Feeds

US calls sale scandal picks up steam

Writs fly as lawmakers take action

Seven Steps to Software Security

The scandal over the sale of mobile phone call records to data brokers in the US is gaining momentum. T-Mobile, the number four US mobile operator, has obtained an injunction against two firms - Data Find Solutions and 1st Source Information Specialists - that it alleges have illegally obtained customer records, Reuters reports.

The same two firms were the subject of a similar restraining order obtained by Cingular last week. 1st Source offer its services through online sites including locatecell.com and celltolls.com. Data Find Solutions is thought to have sold these websites to 1st Source.

Dozens of data brokers in the US make a business selling call records - sometimes obtained from phone company insiders or by deception - for about $100 per account per month. Data brokers commonly impersonate consumers in order to obtain access to call records, a practice called pretexting.

The chief market for these call records is private investigators, but an investigation by the Chicago Sun Times suggests the information is available to anyone who's prepared to pay. Few or no checks are applied over the identity of the person requesting information.

US lawmakers are pushing forward with plans to make it illegal to use deception to obtain phone records. A bipartisan group of senators are backing a bill that would make it a crime to make false statements in order to obtain consumers' phone records.

It would also become an offence for phone company workers to sell these call records to third parties without customer permission. Meanwhile, regulators at the Federal Communications Commission are investigating (PDF statement) whether mobile phone firms have done enough to prevent sensitive data from leaking out.

Scammers are taking advantage of user concern and confusion over the sale of call records to dupe users into signing up to unofficial "do not call" registers. The growing use of the ruse has prompted an official statement from the Federal Trade Commission, the US consumer watchdog organisation, advising consumers that their phone numbers are not about to be released to telemarketers in the near future. "It is not necessary to register cell phone numbers on the national Do Not Call (DNC) Registry to be protected from most telemarketing calls to cell phones," it said. ®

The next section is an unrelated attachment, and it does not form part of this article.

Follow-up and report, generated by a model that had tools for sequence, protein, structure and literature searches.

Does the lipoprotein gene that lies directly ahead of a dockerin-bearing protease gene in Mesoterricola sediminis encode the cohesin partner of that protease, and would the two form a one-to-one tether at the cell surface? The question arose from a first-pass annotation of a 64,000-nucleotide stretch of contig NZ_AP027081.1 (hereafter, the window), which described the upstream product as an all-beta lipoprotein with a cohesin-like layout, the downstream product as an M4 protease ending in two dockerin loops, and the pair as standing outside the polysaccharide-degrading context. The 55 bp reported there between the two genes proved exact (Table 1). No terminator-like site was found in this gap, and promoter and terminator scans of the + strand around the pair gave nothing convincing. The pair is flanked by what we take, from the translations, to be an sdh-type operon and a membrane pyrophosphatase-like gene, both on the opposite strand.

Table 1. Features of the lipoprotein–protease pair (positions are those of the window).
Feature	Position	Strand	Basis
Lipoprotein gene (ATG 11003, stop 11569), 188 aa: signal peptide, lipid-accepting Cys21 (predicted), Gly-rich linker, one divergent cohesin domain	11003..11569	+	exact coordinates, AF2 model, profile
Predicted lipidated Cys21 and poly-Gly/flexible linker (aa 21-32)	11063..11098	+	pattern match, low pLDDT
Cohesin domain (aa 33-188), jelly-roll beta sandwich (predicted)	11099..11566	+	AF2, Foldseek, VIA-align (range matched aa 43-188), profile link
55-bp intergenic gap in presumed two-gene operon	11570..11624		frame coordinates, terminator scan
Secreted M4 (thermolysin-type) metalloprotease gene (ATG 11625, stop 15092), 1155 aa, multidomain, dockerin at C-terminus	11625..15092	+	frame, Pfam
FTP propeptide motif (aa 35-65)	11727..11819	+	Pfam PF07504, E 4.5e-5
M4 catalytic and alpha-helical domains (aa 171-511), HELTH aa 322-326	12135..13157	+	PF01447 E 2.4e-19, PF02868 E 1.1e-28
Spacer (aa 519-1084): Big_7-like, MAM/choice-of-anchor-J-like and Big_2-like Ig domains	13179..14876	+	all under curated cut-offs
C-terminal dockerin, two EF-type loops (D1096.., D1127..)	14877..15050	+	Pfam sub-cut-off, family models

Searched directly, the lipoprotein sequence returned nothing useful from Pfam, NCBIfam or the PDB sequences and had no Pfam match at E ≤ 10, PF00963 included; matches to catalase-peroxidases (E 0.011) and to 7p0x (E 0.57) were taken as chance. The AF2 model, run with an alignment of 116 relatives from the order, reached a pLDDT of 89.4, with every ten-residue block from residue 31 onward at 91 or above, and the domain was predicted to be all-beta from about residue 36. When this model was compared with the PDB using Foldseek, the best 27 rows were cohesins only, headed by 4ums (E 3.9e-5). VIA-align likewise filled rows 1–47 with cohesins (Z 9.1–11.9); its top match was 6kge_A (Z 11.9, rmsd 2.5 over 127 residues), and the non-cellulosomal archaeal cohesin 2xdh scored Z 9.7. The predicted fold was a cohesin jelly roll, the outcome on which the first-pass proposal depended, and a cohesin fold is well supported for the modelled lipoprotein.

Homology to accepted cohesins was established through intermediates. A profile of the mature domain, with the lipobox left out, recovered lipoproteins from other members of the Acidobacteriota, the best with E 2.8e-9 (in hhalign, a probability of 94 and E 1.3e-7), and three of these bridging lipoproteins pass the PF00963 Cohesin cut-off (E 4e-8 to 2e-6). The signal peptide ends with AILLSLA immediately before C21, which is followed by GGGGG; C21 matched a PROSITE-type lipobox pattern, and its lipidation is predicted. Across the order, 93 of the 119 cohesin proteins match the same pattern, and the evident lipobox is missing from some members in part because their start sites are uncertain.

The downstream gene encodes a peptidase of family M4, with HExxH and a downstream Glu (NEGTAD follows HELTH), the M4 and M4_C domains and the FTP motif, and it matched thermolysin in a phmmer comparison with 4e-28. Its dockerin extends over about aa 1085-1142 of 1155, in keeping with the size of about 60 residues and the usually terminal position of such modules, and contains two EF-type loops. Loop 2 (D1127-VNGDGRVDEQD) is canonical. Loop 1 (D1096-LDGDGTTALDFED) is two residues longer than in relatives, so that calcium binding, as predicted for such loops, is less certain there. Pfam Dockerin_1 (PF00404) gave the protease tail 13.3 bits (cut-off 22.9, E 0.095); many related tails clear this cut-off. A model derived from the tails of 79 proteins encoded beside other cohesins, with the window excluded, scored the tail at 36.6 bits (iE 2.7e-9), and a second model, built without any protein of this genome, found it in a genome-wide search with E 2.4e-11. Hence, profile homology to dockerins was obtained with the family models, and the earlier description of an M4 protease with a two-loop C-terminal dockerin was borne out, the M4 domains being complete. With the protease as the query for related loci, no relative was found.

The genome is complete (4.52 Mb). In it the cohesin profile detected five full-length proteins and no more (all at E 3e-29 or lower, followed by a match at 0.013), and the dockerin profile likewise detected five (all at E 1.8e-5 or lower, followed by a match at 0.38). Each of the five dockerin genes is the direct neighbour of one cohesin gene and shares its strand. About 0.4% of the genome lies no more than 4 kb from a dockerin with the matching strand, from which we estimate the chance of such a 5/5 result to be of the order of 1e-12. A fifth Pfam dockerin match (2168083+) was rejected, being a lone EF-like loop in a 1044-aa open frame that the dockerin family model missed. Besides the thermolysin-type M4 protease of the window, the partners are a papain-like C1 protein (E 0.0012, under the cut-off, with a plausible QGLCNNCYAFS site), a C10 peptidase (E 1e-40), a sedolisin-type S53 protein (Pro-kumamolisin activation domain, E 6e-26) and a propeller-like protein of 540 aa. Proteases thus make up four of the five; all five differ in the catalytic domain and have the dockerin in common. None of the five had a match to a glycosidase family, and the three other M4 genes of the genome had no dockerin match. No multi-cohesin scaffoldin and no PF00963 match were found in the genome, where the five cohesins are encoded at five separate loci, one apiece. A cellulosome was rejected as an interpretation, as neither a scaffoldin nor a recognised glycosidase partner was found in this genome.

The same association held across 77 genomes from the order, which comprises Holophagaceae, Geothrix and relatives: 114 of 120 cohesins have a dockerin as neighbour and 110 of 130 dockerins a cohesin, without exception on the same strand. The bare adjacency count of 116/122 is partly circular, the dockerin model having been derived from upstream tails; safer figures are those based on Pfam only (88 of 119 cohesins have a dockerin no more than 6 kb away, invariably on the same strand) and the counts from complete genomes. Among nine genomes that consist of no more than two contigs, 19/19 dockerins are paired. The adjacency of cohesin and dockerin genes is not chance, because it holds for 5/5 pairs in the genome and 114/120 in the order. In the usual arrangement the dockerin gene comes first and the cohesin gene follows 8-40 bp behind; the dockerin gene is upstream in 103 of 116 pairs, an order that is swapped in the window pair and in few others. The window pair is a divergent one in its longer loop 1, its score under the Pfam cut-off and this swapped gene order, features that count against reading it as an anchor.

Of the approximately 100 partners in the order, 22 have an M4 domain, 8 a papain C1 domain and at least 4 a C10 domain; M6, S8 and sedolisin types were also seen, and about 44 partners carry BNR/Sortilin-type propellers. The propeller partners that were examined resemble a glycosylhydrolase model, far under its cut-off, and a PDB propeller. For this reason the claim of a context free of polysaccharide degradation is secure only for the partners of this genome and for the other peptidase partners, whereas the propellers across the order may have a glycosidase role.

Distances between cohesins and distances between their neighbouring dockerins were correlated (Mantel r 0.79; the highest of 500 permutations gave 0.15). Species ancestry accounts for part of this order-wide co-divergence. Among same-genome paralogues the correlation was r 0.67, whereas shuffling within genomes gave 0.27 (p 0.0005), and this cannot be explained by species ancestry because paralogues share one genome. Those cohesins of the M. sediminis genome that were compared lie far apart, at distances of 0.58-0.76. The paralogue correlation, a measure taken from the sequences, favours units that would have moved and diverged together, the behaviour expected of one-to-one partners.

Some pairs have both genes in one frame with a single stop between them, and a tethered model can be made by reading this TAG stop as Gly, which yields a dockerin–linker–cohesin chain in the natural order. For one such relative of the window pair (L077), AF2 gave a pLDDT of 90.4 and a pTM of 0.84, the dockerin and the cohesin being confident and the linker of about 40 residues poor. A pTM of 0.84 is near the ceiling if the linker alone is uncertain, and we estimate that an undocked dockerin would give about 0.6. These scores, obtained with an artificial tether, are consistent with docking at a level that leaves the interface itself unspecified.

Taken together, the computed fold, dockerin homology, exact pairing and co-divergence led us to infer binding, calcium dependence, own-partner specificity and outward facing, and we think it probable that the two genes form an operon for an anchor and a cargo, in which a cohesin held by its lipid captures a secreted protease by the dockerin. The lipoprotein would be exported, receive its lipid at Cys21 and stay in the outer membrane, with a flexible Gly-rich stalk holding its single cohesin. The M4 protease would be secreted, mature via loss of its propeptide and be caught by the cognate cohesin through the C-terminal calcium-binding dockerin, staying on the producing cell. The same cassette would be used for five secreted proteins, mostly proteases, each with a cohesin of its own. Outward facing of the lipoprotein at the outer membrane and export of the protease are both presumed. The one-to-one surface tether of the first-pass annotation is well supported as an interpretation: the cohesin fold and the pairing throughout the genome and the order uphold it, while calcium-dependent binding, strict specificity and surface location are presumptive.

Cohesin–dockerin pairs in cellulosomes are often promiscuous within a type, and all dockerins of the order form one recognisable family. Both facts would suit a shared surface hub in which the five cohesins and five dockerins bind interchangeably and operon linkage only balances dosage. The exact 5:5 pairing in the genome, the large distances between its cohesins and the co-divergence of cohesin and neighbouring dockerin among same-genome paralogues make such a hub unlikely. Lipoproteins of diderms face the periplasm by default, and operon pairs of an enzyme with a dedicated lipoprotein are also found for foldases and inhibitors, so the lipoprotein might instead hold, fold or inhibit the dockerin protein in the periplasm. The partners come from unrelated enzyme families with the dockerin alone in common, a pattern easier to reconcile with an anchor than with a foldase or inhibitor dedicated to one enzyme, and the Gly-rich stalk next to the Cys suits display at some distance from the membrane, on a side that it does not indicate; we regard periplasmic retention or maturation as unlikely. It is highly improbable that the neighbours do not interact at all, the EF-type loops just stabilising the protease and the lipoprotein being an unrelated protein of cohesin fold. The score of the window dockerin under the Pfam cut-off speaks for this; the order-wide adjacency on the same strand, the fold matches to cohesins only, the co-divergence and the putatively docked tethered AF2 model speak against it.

The smart choice: opportunity from uncertainty

More from The Register

next story
Auntie remains MYSTIFIED by that weekend BBC iPlayer and website outage
Still doing 'forensics' on the caching layer – Beeb digi wonk
Apple orders huge MOUNTAIN of 80 MILLION 'Air' iPhone 6s
Bigger, harder trouser bulges foretold for fanbois
GoTenna: How does this 'magic' work?
An ideal product if you believe the Earth is flat
Telstra to KILL 2G network by end of 2016
GSM now stands for Grave-Seeking-Mobile network
Seeking LTE expert to insert small cells into BT customers' places
Is this the first step to a FON-a-like 4G network?
Yorkshire cops fail to grasp principle behind BT Fon Wi-Fi network
'Prevent people that are passing by to hook up to your network', pleads plod
BlackBerry: Toss the server, mate... BES is in the CLOUD now
BlackBerry Enterprise Services takes aim at SMEs - but there's a catch
prev story

Whitepapers

Top three mobile application threats
Prevent sensitive data leakage over insecure channels or stolen mobile devices.
Implementing global e-invoicing with guaranteed legal certainty
Explaining the role local tax compliance plays in successful supply chain management and e-business and how leading global brands are addressing this.
Boost IT visibility and business value
How building a great service catalog relieves pressure points and demonstrates the value of IT service management.
Designing a Defense for Mobile Applications
Learn about the various considerations for defending mobile applications - from the application architecture itself to the myriad testing technologies.
Build a business case: developing custom apps
Learn how to maximize the value of custom applications by accelerating and simplifying their development.